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the petitioners believe that the chief that prevails between the House and the grounds and causes of this difference will people; and therefore praying, that the be found in the very defective mode of re- House will take into timely and serious presentation which prevails at present, in consideration the present state of the rethe number of placemen and pensioners presentation, and will adopt sach measures that have seats in the House, and in the of Reform as may be sufficient to restore duration of parliaments; and that it is to the House the confidence of the people, well known to the House, that many which is its truest dignity, and to makt boroughs returning members to Parlia- the House in practice and effect what it is ment are utterly decayed and become the constitutionally, the organ of the sense of property of individuals, and are now the its constituents.”-Ordered to lie upon the subject, like any other property, of barter table. and exchange ; by this means the people [Sir F. BURDETT'S PROCESS AGAINST find themselves excluded from the share THE SPEAKER.] The Speaker acquainted which they ought to have in elections; the House, that he was yesterday served and a body of men have been introduced with process, in an action at law by sir into Parliament that are an anomaly in Francis Burdett :- And the said Paper the constitution, being neither called by was, by direction of the House, delivered the king, nor elected by the people; under in by the Speaker, and read; and is as folsuch a state of things, the petitioners loweth, think that no exaggeration which was said
« K. B. Venire. in the House by a late distinguished mem
“ Middlesex.—Matthew Wood, esq. and ber, “ that no honest man can long remaio
“ John Atkins, esq. Sheriff of the minister of the country;" the petitioners
“ county of Middlesex. lament extremely, that, in the course of
“ To Henry Beaumont, sen. and Henry last session, two of his Majesty's ministers
“ Beaumont, jun. my bailiffs : were charged with being concerned in the disgraceful traffic in boroughs, and that having privilege of Parliament, to ap
« Summon the right hon. Charles Abbot, this practice, although reprobated by the pear before the king at Westminster, en learned and upright Sptaker of the House
« Wednesday next, after fifteen days of with becoming zeal and indignation, was
« Easter, to answer sir Francis Burdett justified as being as notorious as the Sun
« baronet, in a plea of trespass on the case at noon day; and that another ground of
.to the damage of the said sir Francis the constant and growing difference between the House and the people is the < (L. S.) Dated the 9th day of May 1810.
“ Burdett of thirty thousand pounds. number of placemen and pensioners that
by the same Sheriff." are permitted to have seats in it, by which
“(Endorsed.)- To the right honourable the influence of ministers is increased be. yond controul :-Upon any other suppo
“ Charles Abbot.--Served 9th.” sition the petitioners cannot conceive it Ordered, That the said Paper be repossible that his Majesty's present incapa. ferred to the Committee appointed to conble and arbitrary ministers should be still sider of the proceedings in the matter of permitted to carry on the government of sir Francis Burdett. the country, after having wasted our l'esources in fruitless expeditions, and hav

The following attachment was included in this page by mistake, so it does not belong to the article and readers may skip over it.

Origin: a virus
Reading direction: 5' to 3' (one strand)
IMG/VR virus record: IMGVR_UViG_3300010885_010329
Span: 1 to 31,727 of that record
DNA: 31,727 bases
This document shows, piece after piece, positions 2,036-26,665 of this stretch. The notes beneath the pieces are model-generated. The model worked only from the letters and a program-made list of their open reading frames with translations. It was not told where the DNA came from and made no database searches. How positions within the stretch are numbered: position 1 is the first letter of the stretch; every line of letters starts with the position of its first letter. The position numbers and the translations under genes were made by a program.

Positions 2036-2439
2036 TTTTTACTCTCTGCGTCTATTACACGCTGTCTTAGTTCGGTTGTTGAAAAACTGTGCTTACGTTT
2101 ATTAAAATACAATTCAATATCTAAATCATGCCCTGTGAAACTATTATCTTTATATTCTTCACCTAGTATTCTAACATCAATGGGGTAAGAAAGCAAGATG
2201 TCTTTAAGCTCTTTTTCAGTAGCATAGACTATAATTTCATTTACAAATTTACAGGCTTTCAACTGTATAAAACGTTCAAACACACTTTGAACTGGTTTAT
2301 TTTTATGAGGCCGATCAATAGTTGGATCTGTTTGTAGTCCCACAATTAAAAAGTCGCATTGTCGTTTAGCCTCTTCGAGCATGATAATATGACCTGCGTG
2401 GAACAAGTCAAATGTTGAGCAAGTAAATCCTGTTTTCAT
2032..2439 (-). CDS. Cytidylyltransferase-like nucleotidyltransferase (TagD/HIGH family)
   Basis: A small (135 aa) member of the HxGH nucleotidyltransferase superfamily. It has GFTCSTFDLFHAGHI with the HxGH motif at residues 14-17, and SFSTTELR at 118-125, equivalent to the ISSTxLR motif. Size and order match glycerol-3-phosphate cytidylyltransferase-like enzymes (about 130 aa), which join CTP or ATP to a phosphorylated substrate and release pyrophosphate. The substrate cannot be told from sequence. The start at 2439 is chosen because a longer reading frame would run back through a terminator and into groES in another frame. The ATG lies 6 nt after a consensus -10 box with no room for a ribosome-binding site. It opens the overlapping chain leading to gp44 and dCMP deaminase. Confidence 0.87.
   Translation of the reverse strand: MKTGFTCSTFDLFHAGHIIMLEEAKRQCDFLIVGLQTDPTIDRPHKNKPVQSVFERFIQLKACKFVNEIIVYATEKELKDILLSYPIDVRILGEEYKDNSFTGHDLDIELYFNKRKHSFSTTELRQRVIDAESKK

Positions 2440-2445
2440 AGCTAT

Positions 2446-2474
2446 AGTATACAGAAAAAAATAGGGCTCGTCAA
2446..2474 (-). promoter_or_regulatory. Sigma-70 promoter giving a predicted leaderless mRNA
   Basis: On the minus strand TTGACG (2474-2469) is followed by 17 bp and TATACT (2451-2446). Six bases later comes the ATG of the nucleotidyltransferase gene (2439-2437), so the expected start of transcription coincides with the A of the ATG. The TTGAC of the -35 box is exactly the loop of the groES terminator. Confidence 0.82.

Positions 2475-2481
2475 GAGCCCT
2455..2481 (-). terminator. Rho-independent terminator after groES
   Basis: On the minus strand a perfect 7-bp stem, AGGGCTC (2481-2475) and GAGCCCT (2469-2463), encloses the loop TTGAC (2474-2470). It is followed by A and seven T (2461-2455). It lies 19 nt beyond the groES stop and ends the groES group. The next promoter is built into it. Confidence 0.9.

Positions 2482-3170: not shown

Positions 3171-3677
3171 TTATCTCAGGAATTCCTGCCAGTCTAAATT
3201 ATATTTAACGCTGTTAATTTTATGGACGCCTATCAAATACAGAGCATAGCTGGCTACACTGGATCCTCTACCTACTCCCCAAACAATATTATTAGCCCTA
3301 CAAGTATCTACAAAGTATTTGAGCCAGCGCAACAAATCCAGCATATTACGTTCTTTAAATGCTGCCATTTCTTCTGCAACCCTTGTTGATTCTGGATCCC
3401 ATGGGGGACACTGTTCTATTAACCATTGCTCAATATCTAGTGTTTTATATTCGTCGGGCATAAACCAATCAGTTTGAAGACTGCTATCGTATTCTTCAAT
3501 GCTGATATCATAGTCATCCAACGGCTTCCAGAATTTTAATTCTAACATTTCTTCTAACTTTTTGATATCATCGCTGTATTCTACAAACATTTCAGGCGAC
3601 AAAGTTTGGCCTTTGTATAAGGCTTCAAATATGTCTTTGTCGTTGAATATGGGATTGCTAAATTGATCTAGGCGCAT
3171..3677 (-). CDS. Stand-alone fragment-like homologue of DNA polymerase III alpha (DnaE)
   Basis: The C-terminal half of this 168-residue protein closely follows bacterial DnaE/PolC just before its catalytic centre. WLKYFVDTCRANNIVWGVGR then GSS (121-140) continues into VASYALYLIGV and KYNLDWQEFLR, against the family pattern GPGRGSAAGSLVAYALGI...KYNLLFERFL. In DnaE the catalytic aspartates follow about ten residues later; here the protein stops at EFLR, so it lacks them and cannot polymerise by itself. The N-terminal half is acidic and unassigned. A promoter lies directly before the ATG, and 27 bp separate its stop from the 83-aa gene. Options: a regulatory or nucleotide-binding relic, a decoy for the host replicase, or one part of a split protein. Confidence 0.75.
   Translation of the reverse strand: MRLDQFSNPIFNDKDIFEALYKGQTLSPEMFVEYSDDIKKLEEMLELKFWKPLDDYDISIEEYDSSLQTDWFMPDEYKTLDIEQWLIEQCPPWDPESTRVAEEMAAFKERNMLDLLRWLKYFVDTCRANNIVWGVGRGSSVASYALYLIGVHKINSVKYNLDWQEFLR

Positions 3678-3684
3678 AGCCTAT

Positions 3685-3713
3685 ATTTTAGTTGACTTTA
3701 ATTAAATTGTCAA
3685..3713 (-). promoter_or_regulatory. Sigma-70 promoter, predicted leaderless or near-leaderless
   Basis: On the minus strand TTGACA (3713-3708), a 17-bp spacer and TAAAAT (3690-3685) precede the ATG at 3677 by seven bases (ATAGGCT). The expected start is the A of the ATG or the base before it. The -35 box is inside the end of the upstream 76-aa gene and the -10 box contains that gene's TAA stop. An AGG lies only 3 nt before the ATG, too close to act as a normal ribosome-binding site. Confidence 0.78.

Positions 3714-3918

THE SERJEANT.] The Speaker also ac, ing shewn no vigour but in support of an- quainted the House, that the Serjeant at tiquated prejudices, and in attacks upon Arms had been this day served with fur: the liberties of the subject; and that, ther process, in an action at law by sir finally, the bold innovation of septennial Francis Burdett: And the Serjeant at for trienniad parliaments has not been Arms being called upon, delivered in the found to produce the salutary effects men said Paper, and the same was read; and is tioned in the preamble of the statute passed as followeth; in the first year of the reign of king George the First, but has certainly tended “ In the King's-Bench. to relax the tie, and to set at a wider inter- « Between sir Francis Burdett, baronet, val the connection between constituent and “ plaintiff, and Francis John Colman, representative, so that the same is hardly
esq. defendant, felt and acknowdedged ; and that these “ Sir; Take notice, that a declaration are the chief grounds and causes of the “ against you, as of this present Easter unhappy difference in opinion and feeling “ Term, is filed with the clerk of the do
" clarations in the King's Bench office, in he was authorised to state that they fülly • the Inner Temple, London, condition- sustained the charge advanced by captain
ally, until a common bail is filed at the Foskett. But he wished to have them of"suit of the above-named plaintiff, in an ficially laid before the House. If this " action of trespass, wherein the said plain proposition was objected to, what was the " tiff lays his damages at twenty thousand inference? Can gentlemen be unwilling
pounds; and, unless you appear, and to publish the statement of the duke of " plead thereto, in eight days from the Cumberland in his own defence against “ date hereof, judgment will be signed the charge of captain Foskett? Would
against you by default. Dated this 9th these gentlemen have it supposed that a
day of May, 1810. Yours, &c. JOHN prince's defence of himself was good for • Ellis, Plaintiff's Attorney.
nothing, or unfit to meet the light? If it « To Francis John Colman, esq:
were his object to criminate that illústria “the above-named Defendant.
ous personage, he could not require a Ordered, That the said Paper be re- greater concession than the withholding ferred to the same Committee.